Sunday, October 19, 2014

Stygimoloch: Prehistoric Beast of the Week

Halloween is so close!  In honor of my favorite holiday let's check out a dinosaur with a truly horrifying name.  Enter Stygimoloch spinifer!  The genus name, Stygimoloch, translates to "Demon from the River of Death". (called "Styx" in Greek mythology.)  The name is in reference to this dinosaur's rather demonic-looking horns, which covered a lot of its head.  Despite the name and appearance, Stygimoloch was a plant-eater, not a soul-eating beast from the underworld.  Stygimoloch measured about ten feet long from beak to tail and lived during the very end of the Mesozoic in what is now the United States, between 67 and 66 million years ago, during the Late Cretaceous period.  When alive, it lived alongside Tyrannosaurus, Triceratops, Troodon, Anzu, Anatotitan, Ankylosaurus, Pachycephalosaurus, Dracorex, and Quetzalcoatlus.

Stygimoloch spinifer life reconstruction by Christopher DiPiazza.

 Stygimoloch is obviously most noted for it's head, which was practically covered in horns.  Many of the horns, especially on the snout and around the eyes, were small.  On the back of the head were two sets of long horns growing from either side of the rear of the skull.  On the top of the head, Stygimoloch was armed with a small oval-shaped mass of solid bone.  Paleontologists debate as to what exactly all of this interesting ornamentation was for.  Many believe they were weapons, and that Stygimolochs would have rammed or pushed each other for dominance, or possibly defended themselves against predators with their heads.  Others believe they were only for display.

Stygimoloch skull on display at the Museum fur Naturkunde in Berlin.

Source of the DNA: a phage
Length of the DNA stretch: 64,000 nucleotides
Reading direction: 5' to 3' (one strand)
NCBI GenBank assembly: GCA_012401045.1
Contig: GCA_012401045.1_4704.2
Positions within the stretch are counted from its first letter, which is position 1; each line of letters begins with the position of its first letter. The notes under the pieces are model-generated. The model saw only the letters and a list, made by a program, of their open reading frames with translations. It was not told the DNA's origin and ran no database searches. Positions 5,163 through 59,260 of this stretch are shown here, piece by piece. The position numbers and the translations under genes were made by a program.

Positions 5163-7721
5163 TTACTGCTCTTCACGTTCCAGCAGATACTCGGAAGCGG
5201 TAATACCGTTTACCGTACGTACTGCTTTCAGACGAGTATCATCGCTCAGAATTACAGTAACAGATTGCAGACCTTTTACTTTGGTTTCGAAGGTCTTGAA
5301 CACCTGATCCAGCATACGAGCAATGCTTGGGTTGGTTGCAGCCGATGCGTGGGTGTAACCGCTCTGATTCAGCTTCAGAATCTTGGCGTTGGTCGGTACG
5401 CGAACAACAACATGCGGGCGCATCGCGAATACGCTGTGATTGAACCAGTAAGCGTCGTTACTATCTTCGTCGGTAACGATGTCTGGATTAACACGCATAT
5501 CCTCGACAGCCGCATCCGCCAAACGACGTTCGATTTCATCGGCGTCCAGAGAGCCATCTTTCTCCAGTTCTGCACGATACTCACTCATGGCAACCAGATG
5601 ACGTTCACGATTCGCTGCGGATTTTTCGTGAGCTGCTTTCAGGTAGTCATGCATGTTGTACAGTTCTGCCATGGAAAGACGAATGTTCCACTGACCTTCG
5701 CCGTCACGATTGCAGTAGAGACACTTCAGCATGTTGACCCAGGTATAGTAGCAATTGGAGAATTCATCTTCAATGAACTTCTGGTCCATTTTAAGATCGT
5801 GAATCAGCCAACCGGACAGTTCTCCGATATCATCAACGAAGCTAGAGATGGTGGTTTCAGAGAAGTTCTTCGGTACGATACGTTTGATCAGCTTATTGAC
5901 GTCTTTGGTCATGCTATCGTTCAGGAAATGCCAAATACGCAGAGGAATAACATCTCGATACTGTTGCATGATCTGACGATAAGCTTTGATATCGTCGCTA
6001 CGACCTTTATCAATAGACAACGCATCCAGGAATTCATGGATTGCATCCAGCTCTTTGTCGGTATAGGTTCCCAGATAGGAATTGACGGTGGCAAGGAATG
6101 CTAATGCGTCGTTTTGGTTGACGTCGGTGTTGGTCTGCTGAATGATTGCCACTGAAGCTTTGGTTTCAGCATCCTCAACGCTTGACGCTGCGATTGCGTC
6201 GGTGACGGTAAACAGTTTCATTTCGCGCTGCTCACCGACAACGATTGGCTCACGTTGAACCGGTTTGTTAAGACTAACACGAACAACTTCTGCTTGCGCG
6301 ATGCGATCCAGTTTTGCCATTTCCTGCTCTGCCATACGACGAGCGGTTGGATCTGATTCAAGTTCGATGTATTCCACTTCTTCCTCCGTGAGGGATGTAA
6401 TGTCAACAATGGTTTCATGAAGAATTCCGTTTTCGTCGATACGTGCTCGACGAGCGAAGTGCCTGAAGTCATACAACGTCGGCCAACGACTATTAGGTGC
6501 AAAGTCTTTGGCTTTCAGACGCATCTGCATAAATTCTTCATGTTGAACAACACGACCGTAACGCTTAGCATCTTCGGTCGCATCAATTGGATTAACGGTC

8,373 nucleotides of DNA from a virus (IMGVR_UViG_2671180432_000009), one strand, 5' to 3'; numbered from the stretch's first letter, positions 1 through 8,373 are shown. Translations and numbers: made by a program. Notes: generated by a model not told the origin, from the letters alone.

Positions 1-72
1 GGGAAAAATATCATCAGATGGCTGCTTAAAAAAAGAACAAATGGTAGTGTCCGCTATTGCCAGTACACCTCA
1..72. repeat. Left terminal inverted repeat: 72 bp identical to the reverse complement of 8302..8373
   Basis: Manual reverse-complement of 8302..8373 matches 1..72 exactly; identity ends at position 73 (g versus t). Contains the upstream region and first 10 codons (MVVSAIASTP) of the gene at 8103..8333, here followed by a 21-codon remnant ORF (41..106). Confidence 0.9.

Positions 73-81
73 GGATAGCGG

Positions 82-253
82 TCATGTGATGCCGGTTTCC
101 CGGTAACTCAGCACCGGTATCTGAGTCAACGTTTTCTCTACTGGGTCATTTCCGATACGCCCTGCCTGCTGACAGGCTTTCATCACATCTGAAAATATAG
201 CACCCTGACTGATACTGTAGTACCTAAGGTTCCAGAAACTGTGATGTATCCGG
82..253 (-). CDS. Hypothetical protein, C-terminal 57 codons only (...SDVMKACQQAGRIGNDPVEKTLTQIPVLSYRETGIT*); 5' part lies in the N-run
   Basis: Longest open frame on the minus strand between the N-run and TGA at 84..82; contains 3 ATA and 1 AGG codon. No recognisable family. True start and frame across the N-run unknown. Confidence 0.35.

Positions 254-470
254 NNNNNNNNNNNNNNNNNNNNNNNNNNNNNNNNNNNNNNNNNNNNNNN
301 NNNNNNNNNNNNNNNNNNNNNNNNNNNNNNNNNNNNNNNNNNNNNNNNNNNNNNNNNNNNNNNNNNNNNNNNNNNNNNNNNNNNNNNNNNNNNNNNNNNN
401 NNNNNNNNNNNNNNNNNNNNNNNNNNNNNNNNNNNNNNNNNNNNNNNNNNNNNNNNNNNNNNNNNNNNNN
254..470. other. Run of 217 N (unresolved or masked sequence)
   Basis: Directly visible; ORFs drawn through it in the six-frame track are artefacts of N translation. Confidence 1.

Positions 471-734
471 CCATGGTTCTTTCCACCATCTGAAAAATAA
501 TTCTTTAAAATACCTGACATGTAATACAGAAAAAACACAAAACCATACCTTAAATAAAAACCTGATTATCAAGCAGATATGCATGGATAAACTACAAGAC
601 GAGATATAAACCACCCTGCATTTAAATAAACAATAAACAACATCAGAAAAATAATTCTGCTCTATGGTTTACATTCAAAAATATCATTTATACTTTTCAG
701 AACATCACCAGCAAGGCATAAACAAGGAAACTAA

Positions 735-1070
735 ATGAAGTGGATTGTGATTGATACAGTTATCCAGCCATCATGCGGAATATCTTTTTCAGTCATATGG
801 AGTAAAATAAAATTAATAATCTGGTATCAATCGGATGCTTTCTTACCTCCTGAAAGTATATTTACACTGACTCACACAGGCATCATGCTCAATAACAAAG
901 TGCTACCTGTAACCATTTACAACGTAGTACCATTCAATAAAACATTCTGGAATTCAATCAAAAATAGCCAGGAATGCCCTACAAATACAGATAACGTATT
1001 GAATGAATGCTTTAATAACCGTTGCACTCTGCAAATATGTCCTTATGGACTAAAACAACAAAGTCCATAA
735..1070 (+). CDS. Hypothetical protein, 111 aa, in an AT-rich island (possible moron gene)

Stygimoloch also had a relatively long snout, tipped with a short beak.  This beak was probably good for clipping soft vegetation, which would have then been shredded up in the back of the mouth with its small teeth.  Some suggest Stygimoloch and its relatives would have actually eaten meat in addition to plants in the form of small animals or possibly carrion, but currently know actual evidence supports this idea.  Stygimoloch also had large eye sockets and likely had good vision, which is common to members of its family, the pachycephalosaurids. 

Relatively recently, some paleontologists have suggested that Stygimoloch was actually the same species as Dracorex and Pachycephalosaurus.  According to this hypothesis, Dracorex was a juvenile Pachycephalosaurus, having not developed a dome in its young age, Stygimoloch would have been a young adult, having developed a small dome, and Pachycephalosaurus was the mature adult, with a full dome but shorter horns.  Despite this idea's popularity, it is highly debatable and challenged by many other paleontologists.  The idea of long horns being absorbed into a thickening skull needs to be looked into more since nothing like it can be observed in any other large vertebrate. 


Carpenter, Kenneth (1997). "Agonistic behavior in pachycephalosaurs (Ornithischia:Dinosauria): a new look at head-butting behavior". Contributions to Geology 32 (1): 19–25.

Galton, P. M. and H. D. Sues (1983). "New data on pachycephalosaurid dinosaurs (Reptilia: Ornithischia) from North America." Canadian Journal of Earth Sciences 20: 462-472.

Goodwin, M. B., E. A. Buchholtz, et al. (1998). "Cranial anatomy and diagnosis of Stygimoloch spinifer." Journal of Vertebrate Paleontology 18(2): 363-375.

Horner J.R. and Goodwin, M.B. (2009). "Extreme cranial ontogeny in the Upper Cretaceous Dinosaur Pachycephalosaurus." PLoS ONE, 4(10): e7626.

Maryańska, Teresa; Chapman, Ralph E.; Weishampel, David B. (2004). "Pachycephalosauria". In Weishampel, David B.; Dodson, Peter; and Osmólska, Halszka (eds.). The Dinosauria (2nd ed.). Berkeley: University of California Press. pp. 464–477. ISBN 0-520-24209-2.

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